The Centre raises endangered Rothschild Giraffes and runs conservation and teaching programs for Kenyan kids. There are also a lot of warthogs and leopard tortoises there. The giraffes may be fed and approached near enough to be touched. Per individual, the cost is Ksh 1000.

Kenyatta International Conference Centre (K.I.C.C)

(Central District).

The greatest vantage point for a panoramic perspective of Nairobi’s enormous, crowded city. Depending on the amount of pollution and fog, you may be able to see as far as the slums and the national park from the saucer-shaped top of the conference centre’s spherical observation tower. KES400 / KES200 / KES200 / KES200 / KES200 / KES

US Embassy Memorial Site

(Central District). 

The city of Nairobi was devastated by an explosion in 1998. A vehicle had detonated adjacent to the US Embassy building, destroying it and killing 212 people, some of whom were employees and the majority of whom were onlookers. On the same day, a similar terrorist incident occurred against the US embassy in Dar Es Salaam, Tanzania. Osama Bin Laden is among the 21 persons accused with the crime. The location of the old embassy now has a monument that may be viewed. 30 ksh

Nairobi National Museum

Museum Hill,  +254 20 3742131. 08:30-17:30. 

Visitors may learn about Nairobi’s history and culture at this location. In 2010, the museum celebrated its 100th anniversary.

National Railway Museum

Visitors may learn more about Kenya’s railway history as well as the Kenya/Uganda railway. It also contains some of the country’s colonial-era engines and rolling equipment.

Nairobi Gallery

P.O.Box 40658-00100, +254 20 216566. 

Because this is a museum dedicated only to special exhibitions, the exhibited artwork is always changing.

Karen Blixen Museum

P.O Box 40658-00100,  +254 20 8002139, e-mail: [email protected]

The Karen Blixen Museum is based on the novel “Out of Africa” by Karen Blixen. The museum is currently housed in her home. To tour the home, you must be escorted by a guide, although you are free to roam about the grounds on your own. If you’re not interested in the movie or the history of the home, it may not be worth your time and money to spend the hour or so it takes. The home retains few original furniture, but some of the items from the film are on display (although the film was not shot here; it was created on a set). The museum is located on the outskirts of Nairobi (in the Karen suburbs), and you may reach there by taxi or bus. The Elephant Orphanage and the Giraffe Centre are both nearby, thus these sights may easily be incorporated into an one visit.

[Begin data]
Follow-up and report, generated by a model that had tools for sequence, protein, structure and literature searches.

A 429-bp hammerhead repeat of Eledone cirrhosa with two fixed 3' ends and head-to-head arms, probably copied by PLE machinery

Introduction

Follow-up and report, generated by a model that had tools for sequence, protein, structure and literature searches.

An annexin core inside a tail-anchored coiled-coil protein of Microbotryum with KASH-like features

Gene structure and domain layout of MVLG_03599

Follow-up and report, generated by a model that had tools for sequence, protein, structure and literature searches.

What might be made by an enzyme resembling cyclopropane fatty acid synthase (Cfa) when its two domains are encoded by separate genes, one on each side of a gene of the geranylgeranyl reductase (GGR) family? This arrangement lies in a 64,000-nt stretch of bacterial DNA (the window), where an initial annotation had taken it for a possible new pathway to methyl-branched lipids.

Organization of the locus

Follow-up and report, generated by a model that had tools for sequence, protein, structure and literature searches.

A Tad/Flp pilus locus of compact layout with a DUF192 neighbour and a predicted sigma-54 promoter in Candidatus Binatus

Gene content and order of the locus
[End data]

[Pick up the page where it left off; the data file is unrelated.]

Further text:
Bomas of Kenya

Langata/Forest Edge Road, +254 20 891391.

Kenyan culture is shown. Traditional Kenyan dwellings, antiques, dances, music, and song are on display for visitors.

Uhuru Gardens

Langata Road. 

Built to commemorate Kenya’s battle for independence, which it received in 1963. The triumphant column stands 24 meters (79 feet) tall, carrying a pair of joined hands and the peace dove, high above a statue of a freedom warrior waving the flag. Fountains and lushly designed gardens surround the monument.

Westlands by night

Visit Nairobi’s buzzing and fashionable Westlands sector, which has emerged as the city’s new nightlife hotspot. The popular Woodvale Grove and Mpaka Road are lined with restaurants and bars. If you prefer a large club with an expat-dominated audience over the generally packed native-dominated ones, a visit to ‘Tree house’ is a necessity. Even in the early hours of the morning, traffic may be a nightmare. Security is normally tight, and the activity spills out onto the street from crowded clubs.

Jamia Mosque

(Central District). 

While the Jamia Mosque is nestled away among other structures, it offers stunning views of its complex construction from a variety of perspectives. The inside of the capital’s most spectacular religious building is off-limits to non-believers.

Ol Donyo Sabuk National Park

(65km from Nairobi).

Peak woods and meadows surround a 2,146m (7,141 ft) mountain, having a significant population of Buffalo. It’s also home to Colobus monkeys, bushbuck, duiker, leopards, and a wide range of bird species.

Tana River

(An hour’s drive from the city).

Here you may go white water rafting through the cascades that lead to the 14 falls. A complete BBQ lunch is included in the rafting adventure.

Museums & Galleries In Nairobi


ADRESS: Karen Rd | Langata, Nairobi, Kenya

TELEPHONE:  +254 20 8002139

This is the lovely farmhouse where Karen Blixen, the author of Out of Africa, resided from 1914 to 1931, when she had to leave Kenya due to a series of personal catastrophes.


ADRESS: Museum Hill, Nairobi 00100, Kenya

TELEPHONE:  +254 20 3741641

The National Museums of Kenya’s main brand is the Nairobi National Museum. The museum, which is located on Museum Hill, has four unique themes that highlight Kenya’s rich heritage: culture, nature, history, and contemporary art. The Snake Park and Botanical Gardens are among the other attractions on the grounds, as is a State of the Art Auditorium that accommodates concerts, film screenings, and other events on occasion. In our commercial wing, you’ll find dining and shopping options following your tour with us. We hope you enjoy your visit to the National Museum.


Langata Rd | Mageso Chember, Nairobi 00200, Kenya

TELEPHONE:  +254 724 288044

Each boma (homestead) in this cultural village was created according to the customary criteria of many Kenyan tribes; the village serves to conserve Kenyan culture via architecture, crafts, music, and dance.